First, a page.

Since roughly a year ago, we have reckoned with an increase in disposable masks and personal protective equipment, take-out containers and other single-use plastics. But with that, we have also seen a decrease in paper waste in schools and travel emissions.
These temporary pandemic changes are by no means a sufficient, long-lasting substitute for conscious and environmentally friendly habits. But perhaps the pandemic is the extra boost our society needed to abandon paper and go digital.
The question is: Should we?
At first glance, going digital seems considerably more eco-friendly than its traditional alternatives. However, electronic waste — such as computers and batteries, which may have toxic chemicals and effects on the environment — may never decompose, or at least take millions of years to do so.
In fact, they are virtually built to last forever.
That means that if they end up in landfills instead of being recycled, repurposed or properly disposed of, they can have lasting, detrimental impacts on surrounding ecosystems and communities.
Alarmingly, the global energy suck from digital devices is outpacing the consumption of global electricity, not even accounting for the energy used to manufacture computers, smartphones and other electronic devices.
Still, electronics seem to be a recognized sustainable alternative. The annual sector emissions for information technology is lower than that of paper, and reading e-books has been proven to be environmentally friendlier than paperbacks.
But because of the materials and e-waste involved, digital does not always mean less wasteful, even if reducing paper waste is a positive.
Furthermore, digital reliance comes with added non-environmental problems. The pre-existing digital divide that came with unequal access to resources, infrastructure, Wi-Fi and financial support was only exacerbated by the move to remote learning and working. More than half of the parents of low-income households stated their children may come across digital barriers with school, according to Pew Research Center.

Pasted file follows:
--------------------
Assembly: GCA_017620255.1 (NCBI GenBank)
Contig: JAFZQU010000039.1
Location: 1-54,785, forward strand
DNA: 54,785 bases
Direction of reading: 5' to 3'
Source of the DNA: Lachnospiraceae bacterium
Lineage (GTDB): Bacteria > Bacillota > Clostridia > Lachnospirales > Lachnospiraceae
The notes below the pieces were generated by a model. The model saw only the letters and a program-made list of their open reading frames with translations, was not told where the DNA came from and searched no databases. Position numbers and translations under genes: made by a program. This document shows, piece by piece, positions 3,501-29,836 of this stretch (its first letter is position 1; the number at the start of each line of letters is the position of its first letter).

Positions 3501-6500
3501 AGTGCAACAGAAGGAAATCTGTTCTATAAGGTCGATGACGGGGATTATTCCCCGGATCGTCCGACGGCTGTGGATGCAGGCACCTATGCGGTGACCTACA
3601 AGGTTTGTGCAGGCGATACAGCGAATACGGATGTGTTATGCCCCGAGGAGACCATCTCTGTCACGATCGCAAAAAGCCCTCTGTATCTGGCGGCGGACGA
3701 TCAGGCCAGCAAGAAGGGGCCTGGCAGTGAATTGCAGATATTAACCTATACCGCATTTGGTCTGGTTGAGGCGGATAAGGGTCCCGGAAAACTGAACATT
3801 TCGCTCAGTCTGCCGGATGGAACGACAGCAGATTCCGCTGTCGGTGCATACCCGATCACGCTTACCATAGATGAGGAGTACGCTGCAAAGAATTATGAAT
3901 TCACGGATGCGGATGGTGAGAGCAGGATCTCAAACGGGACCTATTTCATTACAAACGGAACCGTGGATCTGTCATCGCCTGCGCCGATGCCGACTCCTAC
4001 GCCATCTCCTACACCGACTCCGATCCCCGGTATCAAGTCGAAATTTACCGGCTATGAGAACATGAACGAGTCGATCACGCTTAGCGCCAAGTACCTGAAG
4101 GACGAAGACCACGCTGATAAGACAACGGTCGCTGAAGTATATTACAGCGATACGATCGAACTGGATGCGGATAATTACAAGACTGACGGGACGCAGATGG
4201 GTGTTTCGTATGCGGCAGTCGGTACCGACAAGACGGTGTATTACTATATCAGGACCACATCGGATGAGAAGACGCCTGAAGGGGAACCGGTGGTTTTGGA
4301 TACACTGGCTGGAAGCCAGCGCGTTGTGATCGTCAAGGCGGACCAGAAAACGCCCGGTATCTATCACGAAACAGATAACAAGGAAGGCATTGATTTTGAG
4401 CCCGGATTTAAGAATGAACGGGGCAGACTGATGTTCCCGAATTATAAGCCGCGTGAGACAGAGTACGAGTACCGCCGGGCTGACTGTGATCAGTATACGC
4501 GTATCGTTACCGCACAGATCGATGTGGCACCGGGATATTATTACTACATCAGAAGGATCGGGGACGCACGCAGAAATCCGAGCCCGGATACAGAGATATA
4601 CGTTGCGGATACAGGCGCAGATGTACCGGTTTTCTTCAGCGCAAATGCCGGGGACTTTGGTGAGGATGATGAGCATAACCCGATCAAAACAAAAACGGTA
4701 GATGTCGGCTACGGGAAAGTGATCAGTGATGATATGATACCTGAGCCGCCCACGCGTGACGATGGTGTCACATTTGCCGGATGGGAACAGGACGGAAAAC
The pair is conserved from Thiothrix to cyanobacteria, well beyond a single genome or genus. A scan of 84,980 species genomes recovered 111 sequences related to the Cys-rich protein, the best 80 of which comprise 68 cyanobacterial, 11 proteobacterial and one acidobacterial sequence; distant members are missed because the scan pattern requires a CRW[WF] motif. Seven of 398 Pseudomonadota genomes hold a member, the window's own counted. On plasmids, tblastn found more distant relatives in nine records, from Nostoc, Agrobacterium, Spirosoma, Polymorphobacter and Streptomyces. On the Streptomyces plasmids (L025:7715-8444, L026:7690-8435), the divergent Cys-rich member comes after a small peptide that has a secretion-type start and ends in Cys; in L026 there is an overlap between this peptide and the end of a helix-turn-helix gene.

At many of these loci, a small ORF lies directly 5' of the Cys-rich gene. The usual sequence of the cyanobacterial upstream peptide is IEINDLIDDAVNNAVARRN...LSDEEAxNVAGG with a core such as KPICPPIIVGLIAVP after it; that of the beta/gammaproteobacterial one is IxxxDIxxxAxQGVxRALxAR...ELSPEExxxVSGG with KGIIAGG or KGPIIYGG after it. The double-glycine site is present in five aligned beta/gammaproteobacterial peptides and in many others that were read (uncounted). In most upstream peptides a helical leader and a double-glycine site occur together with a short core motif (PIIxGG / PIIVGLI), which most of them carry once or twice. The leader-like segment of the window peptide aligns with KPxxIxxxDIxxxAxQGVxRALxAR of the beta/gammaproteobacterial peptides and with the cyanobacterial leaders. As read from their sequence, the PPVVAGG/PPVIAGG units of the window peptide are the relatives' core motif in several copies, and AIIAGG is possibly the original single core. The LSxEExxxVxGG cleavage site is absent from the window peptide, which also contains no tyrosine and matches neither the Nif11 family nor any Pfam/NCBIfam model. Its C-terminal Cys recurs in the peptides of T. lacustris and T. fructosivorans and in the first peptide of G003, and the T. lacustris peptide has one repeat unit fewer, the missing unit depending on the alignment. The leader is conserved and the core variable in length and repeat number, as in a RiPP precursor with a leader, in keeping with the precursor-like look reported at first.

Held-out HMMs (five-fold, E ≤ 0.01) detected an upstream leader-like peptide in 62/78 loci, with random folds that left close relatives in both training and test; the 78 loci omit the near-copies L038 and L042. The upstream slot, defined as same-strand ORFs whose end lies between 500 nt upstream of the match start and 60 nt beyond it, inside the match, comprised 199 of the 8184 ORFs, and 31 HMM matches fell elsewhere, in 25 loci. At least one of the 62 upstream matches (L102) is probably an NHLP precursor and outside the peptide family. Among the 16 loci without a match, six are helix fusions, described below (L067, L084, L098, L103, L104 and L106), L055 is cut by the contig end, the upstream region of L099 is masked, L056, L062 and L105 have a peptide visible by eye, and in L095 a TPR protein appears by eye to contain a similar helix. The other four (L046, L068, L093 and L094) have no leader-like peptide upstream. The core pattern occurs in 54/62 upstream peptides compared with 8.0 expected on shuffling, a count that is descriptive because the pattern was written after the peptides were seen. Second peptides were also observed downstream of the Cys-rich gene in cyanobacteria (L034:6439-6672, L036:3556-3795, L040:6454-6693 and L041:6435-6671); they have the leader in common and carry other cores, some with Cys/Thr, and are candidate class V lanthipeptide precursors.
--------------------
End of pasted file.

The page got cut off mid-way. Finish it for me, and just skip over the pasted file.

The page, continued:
Going digital for educational purposes can also be developmentally and physically harmful and could even stunt student learning. For especially young children and preschoolers, excessive screen time hinders their growth, which shouldn’t be all that surprising, considering how blue light can throw off anyone’s melatonin production and strain their eyes.
Reading comprehension is also improved by the use of paper instead of screens. And studies have shown too much remote instruction can have detrimental effects on learning and language skills.
For those with learning disabilities, who are not native English speakers or who simply don’t learn well through a screen, the impact of going digital may be even more extensive.
For schools, sustainability should not come at the expense of education.
Reducing paper waste should not be as pressing of an issue. It’s a well-populated myth that paper is the most harmful substance to the environment, when in fact it’s the most recycled recyclable in North America, and the industry follows firm environmental standards created by third-parties such as the Sustainable Forestry Initiative and Forest Stewardship Council.
Paper wastage has a relatively low environmental footprint compared to other areas of energy or waste. Food waste, which has been relegated to our homes and the restaurants we support rather than local public schools over the past year, is arguably more important to prioritize right now than paper waste. Institutions that have the resources to implement new procedures or programs have the unique opportunity to do so as part of their reopening.
It’s also unlikely the pandemic will usher in any revolutionary environmental change, or that this remote-learning, uber-digital situation will be permanent. However, we still integrate technology into our lives more and more each day, so it isn’t unreasonable to say we may abandon paper in the near future. It isn’t so much whether we should, but when and under what conditions we’ll make a nearly complete transition to digital.
The pandemic has given us — rather, forced onto us — a taste of that future. It comes bittersweet unto our ill-prepared infrastructures. This realization should only ignite a fire in each of us to fight for and build better systems so we will be prepared the next time we embrace the virtual frontier or integrate a new, sustainable practice into our everyday routines.
As with all conversations surrounding climate change and environmentalism, we must be as careful and equitable as possible if we require electronic devices and widespread internet access. The issue of sustainability can never be removed from our health, education, economy, pre-existing disparity and other aspects of society, so we have to work to ensure the solution’s social impact is also minimized.